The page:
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Factor is a concatenative, stack-based programming language with high-level features including dynamic types, extensible syntax, macros, and garbage collection. On a practical side, Factor has a full-featured library, supports many different platforms, and has been extensively documented.

The implementation is fully compiled for performance, while still supporting interactive development. Factor applications are portable between all common platforms. Factor can deploy stand-alone applications on all platforms. Full source code for the Factor project is available under a BSD license.

Getting Started

Building Factor from source

If you have a build environment set up, then you can build Factor from git. These scripts will attempt to compile the Factor binary and bootstrap from a boot image stored on

To check out Factor:

  • git clone git://
  • cd factor

To build the latest complete Factor system from git, either use the build script:

  • Unix: ./ update
  • Windows: build.cmd
  • M1 macOS: arch -x86_64 ./ update

or download the correct boot image for your system from, put it in the factor directory and run:

  • Unix: make and then ./factor -i=boot.unix-x86.64.image
  • Windows: nmake /f Nmakefile x86-64 and then

Now you should have a complete Factor system ready to run.

Factor does not yet work on arm64 cpus. There is an arm64 assembler in cpu.arm.assembler and we are working on a port and also looking for contributors.

More information on building factor and system requirements.

To run a Factor binary:

You can download a Factor binary from the grid on The nightly builds are usually a better experience than the point releases.

  • Windows: Double-click factor.exe, or run .\ in a command prompt
  • Mac OS X: Double-click or run open in a Terminal
  • Unix: Run ./factor in a shell

Learning Factor

A tutorial is available that can be accessed from the Factor environment:

"first-program" help

Some other simple things you can try in the listener:

"Hello, world" print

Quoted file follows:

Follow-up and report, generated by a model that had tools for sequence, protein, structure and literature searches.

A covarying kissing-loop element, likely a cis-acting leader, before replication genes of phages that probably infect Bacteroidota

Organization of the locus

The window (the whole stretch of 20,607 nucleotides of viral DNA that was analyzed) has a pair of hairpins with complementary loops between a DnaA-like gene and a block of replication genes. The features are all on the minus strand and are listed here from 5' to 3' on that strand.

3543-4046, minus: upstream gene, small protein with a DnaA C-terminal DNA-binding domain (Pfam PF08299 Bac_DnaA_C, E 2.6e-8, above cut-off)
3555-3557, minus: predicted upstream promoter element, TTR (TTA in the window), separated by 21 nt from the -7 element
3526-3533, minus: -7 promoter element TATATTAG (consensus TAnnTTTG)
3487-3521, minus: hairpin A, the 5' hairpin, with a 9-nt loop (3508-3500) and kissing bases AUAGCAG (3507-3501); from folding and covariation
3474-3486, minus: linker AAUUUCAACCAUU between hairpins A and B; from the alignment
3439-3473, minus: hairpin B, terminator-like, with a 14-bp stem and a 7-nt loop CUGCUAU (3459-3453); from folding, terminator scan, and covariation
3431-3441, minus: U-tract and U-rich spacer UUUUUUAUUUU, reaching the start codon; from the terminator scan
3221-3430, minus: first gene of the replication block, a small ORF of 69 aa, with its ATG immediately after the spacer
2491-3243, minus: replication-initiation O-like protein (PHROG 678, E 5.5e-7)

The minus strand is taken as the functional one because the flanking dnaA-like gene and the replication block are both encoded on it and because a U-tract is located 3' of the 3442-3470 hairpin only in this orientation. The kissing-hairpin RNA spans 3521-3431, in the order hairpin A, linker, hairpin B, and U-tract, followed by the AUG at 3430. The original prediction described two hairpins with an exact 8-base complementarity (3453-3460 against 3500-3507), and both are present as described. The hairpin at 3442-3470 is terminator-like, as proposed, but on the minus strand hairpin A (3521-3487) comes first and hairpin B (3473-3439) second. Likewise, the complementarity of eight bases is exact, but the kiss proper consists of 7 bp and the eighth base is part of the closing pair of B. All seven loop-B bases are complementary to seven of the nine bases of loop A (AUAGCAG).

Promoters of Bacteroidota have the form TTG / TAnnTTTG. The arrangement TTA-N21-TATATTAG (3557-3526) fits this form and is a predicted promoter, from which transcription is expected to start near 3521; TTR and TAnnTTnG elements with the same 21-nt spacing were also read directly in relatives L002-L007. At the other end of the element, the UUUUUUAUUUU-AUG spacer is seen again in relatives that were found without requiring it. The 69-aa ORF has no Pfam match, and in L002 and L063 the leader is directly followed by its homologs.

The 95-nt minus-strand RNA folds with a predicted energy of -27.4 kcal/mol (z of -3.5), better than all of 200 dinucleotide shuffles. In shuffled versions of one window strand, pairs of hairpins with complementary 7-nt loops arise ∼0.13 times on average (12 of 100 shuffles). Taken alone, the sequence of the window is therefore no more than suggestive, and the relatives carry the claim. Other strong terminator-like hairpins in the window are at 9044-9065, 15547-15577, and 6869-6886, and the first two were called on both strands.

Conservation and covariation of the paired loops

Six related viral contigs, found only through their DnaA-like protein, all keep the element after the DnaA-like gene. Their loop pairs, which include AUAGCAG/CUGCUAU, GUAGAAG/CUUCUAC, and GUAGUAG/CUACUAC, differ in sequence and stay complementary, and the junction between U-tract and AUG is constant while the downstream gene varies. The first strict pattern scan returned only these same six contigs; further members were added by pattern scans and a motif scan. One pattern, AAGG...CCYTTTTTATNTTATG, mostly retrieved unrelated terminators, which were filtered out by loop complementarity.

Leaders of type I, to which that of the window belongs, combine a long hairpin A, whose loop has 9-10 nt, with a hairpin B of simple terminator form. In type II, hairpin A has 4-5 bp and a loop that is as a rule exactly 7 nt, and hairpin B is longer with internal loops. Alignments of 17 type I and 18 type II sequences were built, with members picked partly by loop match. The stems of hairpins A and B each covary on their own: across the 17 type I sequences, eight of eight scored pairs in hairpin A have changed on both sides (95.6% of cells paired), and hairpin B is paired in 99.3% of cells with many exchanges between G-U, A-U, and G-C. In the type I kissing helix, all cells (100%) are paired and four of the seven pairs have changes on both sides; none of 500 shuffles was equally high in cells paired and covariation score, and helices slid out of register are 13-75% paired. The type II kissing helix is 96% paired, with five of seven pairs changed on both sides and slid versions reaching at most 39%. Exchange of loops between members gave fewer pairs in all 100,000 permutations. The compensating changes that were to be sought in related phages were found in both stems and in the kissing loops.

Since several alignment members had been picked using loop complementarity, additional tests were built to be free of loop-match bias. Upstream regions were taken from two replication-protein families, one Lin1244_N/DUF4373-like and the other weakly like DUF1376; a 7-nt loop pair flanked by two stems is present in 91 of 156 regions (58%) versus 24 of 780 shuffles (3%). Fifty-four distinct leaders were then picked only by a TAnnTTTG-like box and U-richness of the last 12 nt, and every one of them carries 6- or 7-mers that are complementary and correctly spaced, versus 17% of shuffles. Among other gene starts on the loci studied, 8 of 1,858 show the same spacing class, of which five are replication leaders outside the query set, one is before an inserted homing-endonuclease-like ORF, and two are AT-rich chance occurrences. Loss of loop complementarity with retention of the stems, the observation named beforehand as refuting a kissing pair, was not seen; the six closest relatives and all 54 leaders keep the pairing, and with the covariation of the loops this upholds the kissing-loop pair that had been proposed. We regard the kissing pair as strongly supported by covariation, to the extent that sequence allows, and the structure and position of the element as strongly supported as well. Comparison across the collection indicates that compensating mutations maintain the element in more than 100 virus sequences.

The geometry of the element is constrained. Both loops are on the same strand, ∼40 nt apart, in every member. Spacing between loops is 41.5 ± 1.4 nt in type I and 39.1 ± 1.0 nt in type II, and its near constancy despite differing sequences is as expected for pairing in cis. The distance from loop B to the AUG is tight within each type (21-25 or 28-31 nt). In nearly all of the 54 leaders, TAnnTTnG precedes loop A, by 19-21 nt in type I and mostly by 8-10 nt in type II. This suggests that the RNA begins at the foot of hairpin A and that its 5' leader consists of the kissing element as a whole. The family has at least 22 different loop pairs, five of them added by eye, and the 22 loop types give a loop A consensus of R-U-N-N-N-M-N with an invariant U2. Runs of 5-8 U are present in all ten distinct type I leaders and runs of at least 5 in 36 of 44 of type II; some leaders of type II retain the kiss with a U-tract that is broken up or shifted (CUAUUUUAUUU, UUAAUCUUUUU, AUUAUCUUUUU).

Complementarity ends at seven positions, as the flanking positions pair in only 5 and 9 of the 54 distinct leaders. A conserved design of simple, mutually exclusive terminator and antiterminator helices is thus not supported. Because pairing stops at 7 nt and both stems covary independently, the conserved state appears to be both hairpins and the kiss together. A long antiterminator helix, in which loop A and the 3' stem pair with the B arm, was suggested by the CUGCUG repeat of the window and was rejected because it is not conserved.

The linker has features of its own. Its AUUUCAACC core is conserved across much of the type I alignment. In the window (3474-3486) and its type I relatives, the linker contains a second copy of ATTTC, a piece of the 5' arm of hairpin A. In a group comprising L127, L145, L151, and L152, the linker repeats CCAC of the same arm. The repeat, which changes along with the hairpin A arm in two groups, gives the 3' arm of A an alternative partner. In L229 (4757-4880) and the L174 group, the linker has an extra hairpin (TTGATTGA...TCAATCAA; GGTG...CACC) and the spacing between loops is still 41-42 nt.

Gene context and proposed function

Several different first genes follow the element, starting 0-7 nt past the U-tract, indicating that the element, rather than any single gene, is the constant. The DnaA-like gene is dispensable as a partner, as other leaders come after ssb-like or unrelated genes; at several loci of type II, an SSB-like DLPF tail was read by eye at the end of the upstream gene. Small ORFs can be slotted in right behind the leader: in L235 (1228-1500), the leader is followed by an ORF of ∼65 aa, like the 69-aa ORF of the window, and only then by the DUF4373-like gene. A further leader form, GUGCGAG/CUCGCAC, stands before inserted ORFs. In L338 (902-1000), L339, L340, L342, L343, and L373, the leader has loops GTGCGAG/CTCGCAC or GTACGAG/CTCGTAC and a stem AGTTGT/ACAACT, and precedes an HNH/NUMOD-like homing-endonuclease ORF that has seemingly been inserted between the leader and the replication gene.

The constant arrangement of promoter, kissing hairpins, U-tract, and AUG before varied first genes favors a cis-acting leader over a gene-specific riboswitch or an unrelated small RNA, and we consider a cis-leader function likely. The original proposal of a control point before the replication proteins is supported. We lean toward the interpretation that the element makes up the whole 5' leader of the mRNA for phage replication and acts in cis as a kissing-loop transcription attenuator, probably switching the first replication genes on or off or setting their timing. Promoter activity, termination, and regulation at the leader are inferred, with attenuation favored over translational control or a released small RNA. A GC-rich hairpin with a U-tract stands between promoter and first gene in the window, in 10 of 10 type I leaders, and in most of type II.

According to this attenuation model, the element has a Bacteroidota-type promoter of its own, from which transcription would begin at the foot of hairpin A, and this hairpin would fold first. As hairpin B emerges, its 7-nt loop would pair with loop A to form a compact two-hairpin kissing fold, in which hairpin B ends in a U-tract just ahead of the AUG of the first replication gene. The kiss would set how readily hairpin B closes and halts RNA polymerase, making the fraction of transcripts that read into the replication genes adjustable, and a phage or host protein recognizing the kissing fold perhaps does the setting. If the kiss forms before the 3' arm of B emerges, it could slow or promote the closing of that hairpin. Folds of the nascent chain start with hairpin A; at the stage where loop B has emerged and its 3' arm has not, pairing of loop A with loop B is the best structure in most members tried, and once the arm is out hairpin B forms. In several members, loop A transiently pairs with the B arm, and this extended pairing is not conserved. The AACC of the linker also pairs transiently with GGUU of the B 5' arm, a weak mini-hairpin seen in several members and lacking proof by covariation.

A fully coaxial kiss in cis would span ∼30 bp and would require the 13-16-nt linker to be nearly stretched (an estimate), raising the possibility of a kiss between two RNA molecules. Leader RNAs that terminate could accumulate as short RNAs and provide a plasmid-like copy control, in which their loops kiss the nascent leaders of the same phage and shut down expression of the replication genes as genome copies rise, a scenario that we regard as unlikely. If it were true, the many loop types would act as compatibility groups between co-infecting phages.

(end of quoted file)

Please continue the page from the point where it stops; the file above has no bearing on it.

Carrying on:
{ 4 8 15 16 23 42 } [ 2 * ] map .

1000 [1..b] sum .

4 <iota> [
    "Happy Birthday " write
    2 = "dear NAME" "to You" ? print
] each

For more tips, see Learning Factor.


The Factor environment includes extensive reference documentation and a short "cookbook" to help you get started. The best way to read the documentation is in the UI; press F1 in the UI listener to open the help browser tool. You can also browse the documentation online.

Command Line Usage

Factor supports a number of command line switches:

Usage: factor [Factor arguments] [script] [script arguments]

Common arguments:
    -help            print this message and exit
    -i=<image>       load Factor image file <image> (default factor.image)
    -run=<vocab>     run the MAIN: entry point of <vocab>
        -run=listener    run terminal listener    run Factor development UI
    -e=<code>        evaluate <code>
    -ea=<code>       evaluate <code> with auto-use
    -no-user-init    suppress loading of .factor-rc
    -roots=<paths>   a list of path-delimited extra vocab roots

    "command-line" help
from within Factor for more information.

You can also write scripts that can be run from the terminal, by putting #!/path/to/factor at the top of your scripts and making them executable.

Source Organization

The Factor source tree is organized as follows:

  • vm/ - Factor VM source code (not present in binary packages)
  • core/ - Factor core library
  • basis/ - Factor basis library, compiler, tools
  • extra/ - more libraries and applications
  • misc/ - editor modes, icons, etc
  • unmaintained/ - now at factor-unmaintained

Source History

During Factor's lifetime, sourcecode has lived in many repositories. Unfortunately, the first import in Git did not keep history. History has been partially recreated from what could be salvaged. Due to the nature of Git, it's only possible to add history without disturbing upstream work, by using replace objects. These need to be manually fetched, or need to be explicitly added to your git remote configuration.

Use: git fetch origin 'refs/replace/*:refs/replace/*'

or add the following line to your configuration file

[remote "origin"]
    url = ...
    fetch = +refs/heads/*:refs/remotes/origin/*
    fetch = +refs/replace/*:refs/replace/*

Then subsequent fetches will automatically update any replace objects.


Factor developers used to meet in the #concatenative channel on Drop by if you want to discuss anything related to Factor or language design in general.

Have fun!